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How to teach Lean Service Creation – Lessons learned + Slides

After teaching Lean Service Creation at Aalto University for several years I've learned that a good design course should maximise reality, help participating companies to find the benefits of student work, constantly have the students re-package their intermediate results, and to focus on coaching over lecturing. I also share with you my lecture slides from last Fall's course to give you perhaps new ideas and perspectives to teaching lean and service design.

"...and that is how I teach this at Aalto", Risto explains to his colleagues at Futurice. The colleagues look slightly sceptical :)

I've taught service design methodology for 4+ years at Aalto University. I started with an ideal situation: a clean slate, a non-mandatory course, and freedom to teach it any way I want. If you have ever taught in a university, you appreciate the opportunity start from scratch and have no formal bureaucracy peeking over your shoulder.

The course is known as Digital Service Design (CS-E5002 in Aalto University coding). It is taught every Monday afternoon (circa 4h of lectures & workshopping per session) in period 1 (i.e. six weeks from September to mid October). In the course I have four teams of four students. I do the teaching and coaching plus I have two mentors helping the students outside the official lecture times.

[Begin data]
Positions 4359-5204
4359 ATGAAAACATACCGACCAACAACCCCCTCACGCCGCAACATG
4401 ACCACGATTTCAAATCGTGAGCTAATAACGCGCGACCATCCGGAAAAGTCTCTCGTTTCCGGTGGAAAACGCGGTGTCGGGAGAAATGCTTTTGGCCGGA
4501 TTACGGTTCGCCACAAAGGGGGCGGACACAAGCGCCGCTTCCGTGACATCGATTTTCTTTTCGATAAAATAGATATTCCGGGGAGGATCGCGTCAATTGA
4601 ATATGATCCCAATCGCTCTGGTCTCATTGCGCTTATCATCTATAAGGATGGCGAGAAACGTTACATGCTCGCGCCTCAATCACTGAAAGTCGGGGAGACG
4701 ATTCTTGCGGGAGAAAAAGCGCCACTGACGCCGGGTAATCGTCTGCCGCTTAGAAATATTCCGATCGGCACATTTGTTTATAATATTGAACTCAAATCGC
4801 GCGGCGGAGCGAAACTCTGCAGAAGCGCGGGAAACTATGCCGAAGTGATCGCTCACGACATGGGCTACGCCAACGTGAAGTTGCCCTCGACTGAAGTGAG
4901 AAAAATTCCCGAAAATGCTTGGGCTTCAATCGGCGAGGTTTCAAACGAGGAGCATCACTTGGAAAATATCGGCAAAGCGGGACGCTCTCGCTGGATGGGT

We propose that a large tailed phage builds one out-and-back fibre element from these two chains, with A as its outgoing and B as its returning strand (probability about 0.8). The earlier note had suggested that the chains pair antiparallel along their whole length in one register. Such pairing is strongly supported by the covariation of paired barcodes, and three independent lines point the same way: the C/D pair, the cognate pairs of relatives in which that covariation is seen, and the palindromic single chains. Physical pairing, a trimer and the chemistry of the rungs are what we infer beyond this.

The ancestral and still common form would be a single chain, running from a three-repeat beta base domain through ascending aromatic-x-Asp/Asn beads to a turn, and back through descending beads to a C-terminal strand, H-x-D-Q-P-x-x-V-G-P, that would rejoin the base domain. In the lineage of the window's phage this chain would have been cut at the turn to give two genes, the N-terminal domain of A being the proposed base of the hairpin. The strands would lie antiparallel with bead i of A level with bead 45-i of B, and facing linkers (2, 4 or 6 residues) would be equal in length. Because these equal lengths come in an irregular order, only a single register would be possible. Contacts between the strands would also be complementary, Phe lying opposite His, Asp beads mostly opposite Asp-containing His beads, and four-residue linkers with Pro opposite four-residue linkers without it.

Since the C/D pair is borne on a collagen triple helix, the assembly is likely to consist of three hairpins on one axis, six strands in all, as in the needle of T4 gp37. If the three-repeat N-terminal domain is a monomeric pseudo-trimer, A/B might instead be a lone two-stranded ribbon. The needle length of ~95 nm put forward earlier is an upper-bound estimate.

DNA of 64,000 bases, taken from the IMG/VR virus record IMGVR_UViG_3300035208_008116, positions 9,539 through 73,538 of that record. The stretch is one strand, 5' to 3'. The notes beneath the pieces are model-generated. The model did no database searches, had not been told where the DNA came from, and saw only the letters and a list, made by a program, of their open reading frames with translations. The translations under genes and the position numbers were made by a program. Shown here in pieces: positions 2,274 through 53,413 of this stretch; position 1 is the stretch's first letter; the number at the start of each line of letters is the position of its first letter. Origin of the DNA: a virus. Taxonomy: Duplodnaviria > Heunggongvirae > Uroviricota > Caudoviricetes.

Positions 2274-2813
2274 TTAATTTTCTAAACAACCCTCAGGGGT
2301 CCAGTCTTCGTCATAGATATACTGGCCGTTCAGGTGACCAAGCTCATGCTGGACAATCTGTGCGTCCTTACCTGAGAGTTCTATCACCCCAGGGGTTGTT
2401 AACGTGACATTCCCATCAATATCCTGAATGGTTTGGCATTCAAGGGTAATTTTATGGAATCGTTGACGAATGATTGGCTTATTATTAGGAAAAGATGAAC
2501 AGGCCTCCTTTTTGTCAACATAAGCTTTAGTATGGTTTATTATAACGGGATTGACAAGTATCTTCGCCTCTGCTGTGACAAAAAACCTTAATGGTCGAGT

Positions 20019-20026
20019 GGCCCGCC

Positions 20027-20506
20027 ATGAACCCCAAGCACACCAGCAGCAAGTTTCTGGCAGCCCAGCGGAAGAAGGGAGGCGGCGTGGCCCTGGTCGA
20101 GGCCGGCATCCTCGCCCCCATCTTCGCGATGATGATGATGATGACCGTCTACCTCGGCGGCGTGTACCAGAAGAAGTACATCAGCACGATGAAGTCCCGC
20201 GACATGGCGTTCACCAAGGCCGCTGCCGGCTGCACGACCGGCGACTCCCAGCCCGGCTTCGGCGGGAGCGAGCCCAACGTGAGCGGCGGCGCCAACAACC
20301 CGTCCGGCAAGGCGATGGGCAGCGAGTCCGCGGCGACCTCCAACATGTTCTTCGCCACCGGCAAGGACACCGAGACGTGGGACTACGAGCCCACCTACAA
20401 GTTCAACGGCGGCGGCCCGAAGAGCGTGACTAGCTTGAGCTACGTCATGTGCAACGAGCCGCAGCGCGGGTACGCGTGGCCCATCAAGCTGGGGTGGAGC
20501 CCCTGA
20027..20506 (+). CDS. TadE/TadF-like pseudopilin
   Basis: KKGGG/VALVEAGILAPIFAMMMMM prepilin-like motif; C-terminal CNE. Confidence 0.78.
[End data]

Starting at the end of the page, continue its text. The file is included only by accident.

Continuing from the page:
Long story short: the course has been a huge success. It has won awards as one of the best in Aalto Computer Science (three times, I think), and it was a one of the key arguments in awarding me the teacher of the year in Aalto School of Science, in 2016.

I believe it has become a success because I have learned so much from others: students, visiting lecturers, and fellow teachers. That is why I want to give back and share some of my thoughts and lessons learned behind the course. And also, in the spirit of open source, I share my (almost) unadulterated, unfiltered, unabridged slides I used in teaching the course in Fall 2016.